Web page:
Who Are The Undecideds?


A week before the election, nearly one-in ten voters (8%) remain undecided in their choice for president and there is little to suggest that these voters will move strongly to one candidate or the other on election day.

When undecided voters are asked whether there is a chance they might vote for McCain or for Obama, only 14% indicate a preference for one candidate over the other (7% for McCain and 7% for Obama). More than three-quarters (78%) of the undecideds continue to express uncertainty: about three-in-ten (29%) say they might vote for either of the two candidates, while almost half (49%) say that they do not know if there’s a chance they might vote for either Obama or McCain. The remaining 8% say they will vote for neither candidate.

Undecided voters are less educated, less affluent, and somewhat more likely to be female than the average voter. Nearly half of undecided voters (48%) say they attend religious services at least weekly, which is same as the proportion of McCain supporters. Fewer Obama supporters (31%) say theyattend religious services at least once a week

On most issues, the positions held by undecided voters fall between those of Obama and McCain supporters, although they are somewhat more similar to McCain supporters on the issue of illegal immigration. Overall, these voters are more likely than supporters of either candidate to say they don’t have an opinion about most issues.

Undecided voters do clearly distinguish themselves from supporters of both McCain and Obama in their lower levels of participation and interest in this election, and partisan politics in general. A majority (51%) of undecideds do not identify with either the Republican or Democratic parties and fewer than half (48%) report having voted in the primaries this year; by contrast, 63% of both Obama and McCain supporters say they voted in a primary.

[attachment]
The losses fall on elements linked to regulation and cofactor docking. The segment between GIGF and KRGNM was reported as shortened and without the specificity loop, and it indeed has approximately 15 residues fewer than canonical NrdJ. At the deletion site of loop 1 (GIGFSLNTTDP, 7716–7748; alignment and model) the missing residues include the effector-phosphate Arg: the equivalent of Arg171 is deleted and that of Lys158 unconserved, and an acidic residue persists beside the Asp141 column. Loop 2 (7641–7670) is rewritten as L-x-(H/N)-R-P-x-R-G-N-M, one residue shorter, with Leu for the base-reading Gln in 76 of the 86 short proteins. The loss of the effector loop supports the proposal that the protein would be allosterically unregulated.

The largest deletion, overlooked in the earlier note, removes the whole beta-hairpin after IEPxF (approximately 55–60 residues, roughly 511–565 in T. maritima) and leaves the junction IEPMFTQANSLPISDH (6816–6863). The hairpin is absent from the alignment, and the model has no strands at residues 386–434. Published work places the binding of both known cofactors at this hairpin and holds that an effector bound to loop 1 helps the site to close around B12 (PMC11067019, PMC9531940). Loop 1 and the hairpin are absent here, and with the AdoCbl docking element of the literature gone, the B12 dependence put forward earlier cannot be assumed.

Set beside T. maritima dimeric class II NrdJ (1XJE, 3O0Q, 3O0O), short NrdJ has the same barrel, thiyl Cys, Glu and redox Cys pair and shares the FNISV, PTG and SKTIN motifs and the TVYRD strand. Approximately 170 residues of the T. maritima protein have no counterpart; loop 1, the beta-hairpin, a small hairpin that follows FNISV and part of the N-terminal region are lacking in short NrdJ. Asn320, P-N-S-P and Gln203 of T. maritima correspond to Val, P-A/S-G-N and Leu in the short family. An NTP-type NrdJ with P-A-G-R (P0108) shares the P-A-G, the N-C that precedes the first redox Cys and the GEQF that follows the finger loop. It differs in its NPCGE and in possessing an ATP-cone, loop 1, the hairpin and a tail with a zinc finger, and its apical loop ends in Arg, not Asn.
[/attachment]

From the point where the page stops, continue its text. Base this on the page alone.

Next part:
Fewer than four-in-ten undecided voters (37%) say they are following news about the election very closely. By contrast, majorities of both Obama supporters (56%) and McCain supporters (55%) say they are tracking election news very closely.


ALERT!! Confusing North Carolina Ballot Leaves off Votes for President!!


Please contact ALL your friends and family in North Carolina and alert them to the confusing ballots with which some voters have already encountered difficulties, particularly among new voters and the elderly.  Voting the straight Democratic party ticket on the ballot DOES NOT include voting for the President!!


RALEIGH, N.C. — “I was sure I voted for president, but then a friend told me that a straight-party vote in North Carolina includes every office except president. That made me really mad,” Linda Chavis told OffTheBus.


Politically speaking, Chavis didn’t just fall off the turnip truck. She is a volunteer “crew chief” for the Obama campaign in Raleigh who did not notice the separation between the straight-party vote and the presidential vote on North Carolina’s poorly designed ballot in 2004. “I thought I voted against George W. Bush, but it turned out I didn’t vote for president at all. It’s an issue today because we’re still using the same confusing ballot,” said Chavis.


Chavis wasn’t the only dumbfounded voter in 2004. A Duke University researcher estimated that more than 90,000 people who voted in North Carolina inexplicably did not cast a vote for president. That’s 60,000 to 70,000 more than researchers would expect.


“One way to measure the impact of ballot design on voter confusion is the Residual Vote Rate. That’s the difference between the number of ballots cast and the number of valid votes for president cast,” said David C. Kimball, a political science professor at the University of Missouri-St. Louis. In the last two presidential elections, the number of lost votes for president was “about twice as high in North Carolina as the national average,” Kimball told OffTheBus.